Also, you have used the mass and weight of the crate alone in various equations – but you should have used totals (crate + person). However, since ##m## ans ##w## cancel-out in the various equations, it shouldn’t affect the answer.
Thanks!

About the mass of the crate, the exercise says "The crate has mass 180 kg". I assumed it meant the crate including its content, so the person and the washing machine. Do you think they meant the empty crate? Even if as you say, it's moot as the mass cancels out.

Argonaut said:
Thanks!

About the mass of the crate, the exercise says "The crate has mass 180 kg". I assumed it meant the crate including its content, so the person and the washing machine. Do you think they meant the empty crate? Even if as you say, it's moot as the mass cancels out.
The question gives separate values of mass for the crate and the person (180kg and 55kg). I interpret that as a total mass of 235kg. For example, if asked to calculate the frictional force, I would use 235kg in the calculation.

Note: A ‘washer’ in the context of this question is a small metal disc with a hole in the middle. E.g. see https://www.ssflatwashers.com/china...e_diameter_washer_clean_surface-11725011.html

You would not want to be trapped inside a crate, sliding down a hill, with a washing machine suspended by a 'light string' hanging over you! (Now I understand your Post #1 diagram!)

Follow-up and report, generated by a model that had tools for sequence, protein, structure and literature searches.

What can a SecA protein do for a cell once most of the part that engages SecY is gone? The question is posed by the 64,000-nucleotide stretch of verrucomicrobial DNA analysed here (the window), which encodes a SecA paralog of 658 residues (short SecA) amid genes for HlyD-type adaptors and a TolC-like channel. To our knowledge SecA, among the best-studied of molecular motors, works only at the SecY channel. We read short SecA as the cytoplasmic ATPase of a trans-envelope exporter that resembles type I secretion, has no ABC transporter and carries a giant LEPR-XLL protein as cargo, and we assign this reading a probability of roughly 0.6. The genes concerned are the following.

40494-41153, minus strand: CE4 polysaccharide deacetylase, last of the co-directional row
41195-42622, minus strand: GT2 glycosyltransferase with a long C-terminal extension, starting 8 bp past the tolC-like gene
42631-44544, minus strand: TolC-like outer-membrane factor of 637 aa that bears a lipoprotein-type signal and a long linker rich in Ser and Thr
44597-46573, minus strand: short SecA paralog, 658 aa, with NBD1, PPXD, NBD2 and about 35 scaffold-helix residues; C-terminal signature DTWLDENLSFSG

SammyS and Argonaut
Steve4Physics said:
The question gives separate values of mass for the crate and the person (180kg and 55kg). I interpret that as a total mass of 235kg. For example, if asked to calculate the frictional force, I would use 235kg in the calculation.

Note: A ‘washer’ in the context of this question is a small metal disc with a hole in the middle. E.g. see https://www.ssflatwashers.com/china...e_diameter_washer_clean_surface-11725011.html

You would not want to be trapped inside a crate, sliding down a hill, with a washing machine suspended by a 'light string' hanging over you! (Now I understand your Post #1 diagram!)
Ah hahaha, I love it! It did seem like a quirky setup

Thanks for the feedback again.

SammyS

## 1. What is the coefficient of kinetic friction?

The coefficient of kinetic friction is a measure of the resistance to motion between two surfaces in contact when one of the surfaces is in motion. It is denoted by the symbol "μk" and is a dimensionless quantity.

## 2. How is the coefficient of kinetic friction calculated?

The coefficient of kinetic friction can be calculated by dividing the force of kinetic friction by the normal force between the two surfaces. Mathematically, it can be represented as μk = Fk/Fn, where Fk is the force of kinetic friction and Fn is the normal force.

## 3. What factors affect the coefficient of kinetic friction?

The coefficient of kinetic friction is affected by several factors, including the nature of the surfaces in contact, the roughness of the surfaces, and the presence of any lubricants or contaminants between the surfaces. It also depends on the magnitude of the applied force and the speed of the moving surface.

## 4. Why is the coefficient of kinetic friction important?

The coefficient of kinetic friction is an important concept in physics and engineering as it helps in understanding the behavior of objects in motion. It is also crucial in determining the amount of force needed to keep an object moving at a constant speed on a given surface.

## 5. How is the coefficient of kinetic friction used in real-world applications?

The coefficient of kinetic friction is used in various real-world applications, such as designing brake systems for vehicles, determining the amount of force needed to push or pull an object, and predicting the motion of objects on different surfaces. It is also used in sports, such as determining the speed of a hockey puck on an ice rink or the distance a baseball will travel on a grass field.